The roles of parliament and the judiciary are clearly enunciated in the constitution of Pakistan, and ideally there should have been no confusion about them in the first place. This has been further clarified by Supreme Court’s Justices Jamal Khan Mandokhail and Mazhar Alam Miankhel with their observations on the majority decision in the presidential reference in the Supreme Court seeking interpretation of Article 63A. Justice Mandokhail points out that any amendment, addition or deletion in the constitution is to be exercised “within the parliament” and that judges have “no authority to assume the role of the parliamentarians”. The dissenting note says that judges while interpreting the constitution “should limit themselves to a fair reading of its words and the intention of its framer, and no more”. Justice Mandokhail adds that otherwise, “judges enter the realm of creating, not just interpreting the constitution”. These are important words from a justice of the apex court. Back in May, a five-member SC bench in its short order regarding Article 63A gave its verdict in a 3-2 decision, and held that dissident members’ votes will not be counted, but that the question of a lifetime ban on floor-crossing members was too vague for the court to answer. Legal observers had at the time pointed out that the ruling had in a way rewritten the constitution while impinging on parliament’s functioning, and that such interpretation of Article 63A made the purpose of this article redundant – essentially making a vote of no-confidence against any future prime ministers or chief ministers extremely difficult.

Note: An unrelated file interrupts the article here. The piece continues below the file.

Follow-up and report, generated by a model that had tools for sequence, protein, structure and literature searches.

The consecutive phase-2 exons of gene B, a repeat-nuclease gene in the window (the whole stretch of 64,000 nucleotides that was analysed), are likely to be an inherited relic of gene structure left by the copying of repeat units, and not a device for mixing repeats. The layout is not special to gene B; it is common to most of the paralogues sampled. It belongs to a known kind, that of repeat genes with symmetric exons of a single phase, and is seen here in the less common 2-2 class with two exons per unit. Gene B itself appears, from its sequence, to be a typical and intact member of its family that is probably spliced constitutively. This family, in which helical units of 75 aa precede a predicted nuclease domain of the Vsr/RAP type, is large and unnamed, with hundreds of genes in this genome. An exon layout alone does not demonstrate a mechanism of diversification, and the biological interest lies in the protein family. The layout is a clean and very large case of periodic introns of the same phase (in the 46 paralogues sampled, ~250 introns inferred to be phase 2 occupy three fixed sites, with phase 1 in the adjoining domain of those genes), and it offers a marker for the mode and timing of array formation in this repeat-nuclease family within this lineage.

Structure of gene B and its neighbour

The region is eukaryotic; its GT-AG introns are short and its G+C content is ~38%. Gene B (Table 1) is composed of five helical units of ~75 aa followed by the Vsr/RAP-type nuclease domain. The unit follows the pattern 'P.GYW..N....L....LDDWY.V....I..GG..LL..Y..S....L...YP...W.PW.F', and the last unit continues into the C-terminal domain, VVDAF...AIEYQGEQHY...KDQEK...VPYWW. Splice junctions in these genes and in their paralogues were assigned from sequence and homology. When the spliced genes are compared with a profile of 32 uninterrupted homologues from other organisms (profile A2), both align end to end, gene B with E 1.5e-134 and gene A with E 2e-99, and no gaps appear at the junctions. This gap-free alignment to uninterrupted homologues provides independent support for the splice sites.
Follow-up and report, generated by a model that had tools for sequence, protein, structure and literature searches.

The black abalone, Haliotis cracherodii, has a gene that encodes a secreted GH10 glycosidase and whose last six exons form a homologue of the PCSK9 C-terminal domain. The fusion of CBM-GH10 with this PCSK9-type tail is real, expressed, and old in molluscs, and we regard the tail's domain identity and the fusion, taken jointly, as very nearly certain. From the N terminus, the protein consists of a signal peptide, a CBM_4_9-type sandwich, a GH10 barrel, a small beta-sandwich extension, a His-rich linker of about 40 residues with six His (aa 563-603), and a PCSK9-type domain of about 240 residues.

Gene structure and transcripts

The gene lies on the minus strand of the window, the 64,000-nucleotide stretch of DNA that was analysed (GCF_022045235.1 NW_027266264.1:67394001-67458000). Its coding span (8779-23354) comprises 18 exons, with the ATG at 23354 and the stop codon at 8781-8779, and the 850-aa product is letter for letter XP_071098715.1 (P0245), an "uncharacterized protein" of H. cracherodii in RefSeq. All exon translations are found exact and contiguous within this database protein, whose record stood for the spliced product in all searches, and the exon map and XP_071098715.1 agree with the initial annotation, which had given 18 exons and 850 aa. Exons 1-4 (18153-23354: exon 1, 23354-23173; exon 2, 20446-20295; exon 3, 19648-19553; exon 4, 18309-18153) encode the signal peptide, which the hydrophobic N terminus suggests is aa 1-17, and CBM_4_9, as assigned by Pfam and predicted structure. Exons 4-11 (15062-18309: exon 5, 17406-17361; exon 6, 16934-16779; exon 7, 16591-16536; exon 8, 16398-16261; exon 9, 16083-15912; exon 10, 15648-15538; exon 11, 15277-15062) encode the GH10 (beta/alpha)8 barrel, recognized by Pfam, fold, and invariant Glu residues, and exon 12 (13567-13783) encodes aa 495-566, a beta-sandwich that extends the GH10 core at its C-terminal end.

We have in the recent past seen rising concern about judicial ingress into parliamentary affairs. Justice Miankhel has in his dissenting note said that there is a principle of trichotomy of powers that the judiciary must respect without trying to “resolve sensitive political issues”. The dissenting notes do not favour floor-crossing in any way; they simply stress on knowing the causes and circumstances of defection by a member. Democracy has been interrupted several times in the country by unconstitutional forces. There have been campaigns to portray all parliamentarians as corrupt just to endorse such unconstitutional acts. For democracy to prosper in Pakistan, it is imperative that due process takes its course and the courts remain in their domain. For the latter, the most important part of the job – per some legal experts – is remembering judicial restraint. For more than a decade now, the judiciary has been perceived to have become far more interested in political matters than is thought necessary – what started during Justice (r) Iftikhar Chaudhry’s tenure and was rampant during Justice (r) Saqib Nisar’s time raised a lot of questions about the judiciary’s role as a server of justice and not a framer of the constitution. Justices Mandokhail and Miankhel have made it clear that it is the authority of parliament to consider the consequences of defections, upholding the principles of judicial restraint, trichotomy of powers and strict institutional jurisdictions.